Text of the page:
Even if you can’t see it, the cavity can sometimes be identified by touch. If you feel around a sensitive part of your tooth and notice even a slight gap, it’s a good sign of a cavity.

In most cases, teeth should be relatively smooth to the touch. Be careful, touching a cavity could cause pain!

Pus

Bacteria won’t stop after causing a cavity. Plaque and tartar build-up only grow worse, and eventually that cavity can develop into a dangerous bacterial infection. One side-effect of your body’s attempt to fight infection is pus, and it can be incredibly unpleasant to find in your mouth.

If you taste or notice pus in your mouth, chances are that your cavity has advanced into a tooth abscess. Unlike a cavity, which can be typically cleaned and filled, a tooth abscess requires immediate attention. An infection in your mouth can have a domino-effect on your health – especially if the infection branches out toward your brain!

What to Do When You Notice the Signs of a Cavity

You can’t reverse a cavity at home, but you can take steps to help slow the damage. Improving your dental health routine is the first and most important step. If you aren’t brushing and flossing every day, now is the time to start!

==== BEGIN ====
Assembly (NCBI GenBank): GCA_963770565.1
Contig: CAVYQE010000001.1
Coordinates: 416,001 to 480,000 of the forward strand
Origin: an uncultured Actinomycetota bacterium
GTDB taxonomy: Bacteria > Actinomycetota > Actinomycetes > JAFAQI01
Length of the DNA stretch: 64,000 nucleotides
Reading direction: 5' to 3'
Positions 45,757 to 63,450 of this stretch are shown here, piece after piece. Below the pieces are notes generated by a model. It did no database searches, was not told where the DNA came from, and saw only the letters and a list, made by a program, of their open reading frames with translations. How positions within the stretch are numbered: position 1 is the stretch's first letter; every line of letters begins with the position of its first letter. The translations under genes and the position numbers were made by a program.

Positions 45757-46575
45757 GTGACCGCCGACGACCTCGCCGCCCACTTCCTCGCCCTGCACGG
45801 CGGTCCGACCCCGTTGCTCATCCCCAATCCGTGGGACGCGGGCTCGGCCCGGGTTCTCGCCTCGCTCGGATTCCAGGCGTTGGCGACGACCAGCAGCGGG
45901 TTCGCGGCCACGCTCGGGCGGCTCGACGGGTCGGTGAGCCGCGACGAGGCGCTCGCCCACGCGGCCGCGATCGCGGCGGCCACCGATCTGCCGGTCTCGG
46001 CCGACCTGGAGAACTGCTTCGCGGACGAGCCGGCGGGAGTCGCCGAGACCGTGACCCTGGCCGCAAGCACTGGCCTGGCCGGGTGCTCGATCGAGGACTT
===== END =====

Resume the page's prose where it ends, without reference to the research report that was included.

Before bacteria forms into plaque or tartar, it’s relatively easy to brush away. Food particles in your mouth are also important to clean away, as they provide sustenance to bacteria that will accelerate decay.

However, the most important thing to do when you identify a cavity is to schedule a dentist appointment. No matter how much you do at home, you can’t clean and fill a cavity yourself. The sooner your dentist can treat your cavity, the more likely you are to avoid the more severe symptoms of a cavity. You’ll also lower your chances of a dangerous infection!

Schedule an Appointment with Walbridge Dental in Millbury, OH

Do You Have Dental Health Questions? Schedule an Appointment!

We can help make sure you and your family are brushing correctly. If you’re concerned or just looking for information, the professionals at Walbridge Dental provide complete family dental care to families in the Millbury community. Contact us online to set up an appointment now or call us at 419-836-1033.

 

Connect on Social Media!

Facebook

Twitter

This entry was posted in Kids Oral Health, Preventative Dental Care, Tooth Loss and tagged , , . Bookmark the permalink. Follow any comments here with the RSS feed for this post. Both comments and trackbacks are currently closed.
Banner Enabled? ('Y' or 'N') Y

Our Commitment to Your Safety - COVID-19 ×

Due to the recent concerns about COVID 19, we have made the decision to close our doors temporarily. We do this to protect our staff, patients, and families. We will be seeing patients on a limited, emergency basis, as outlined by the recommendations made by the State Dental Board and Governor Dewine.

We hope that all of you are able to stay safe and healthy. We plan to reopen as soon as the imminent danger has passed.

— Drs. Matt and Jody Freytag

Close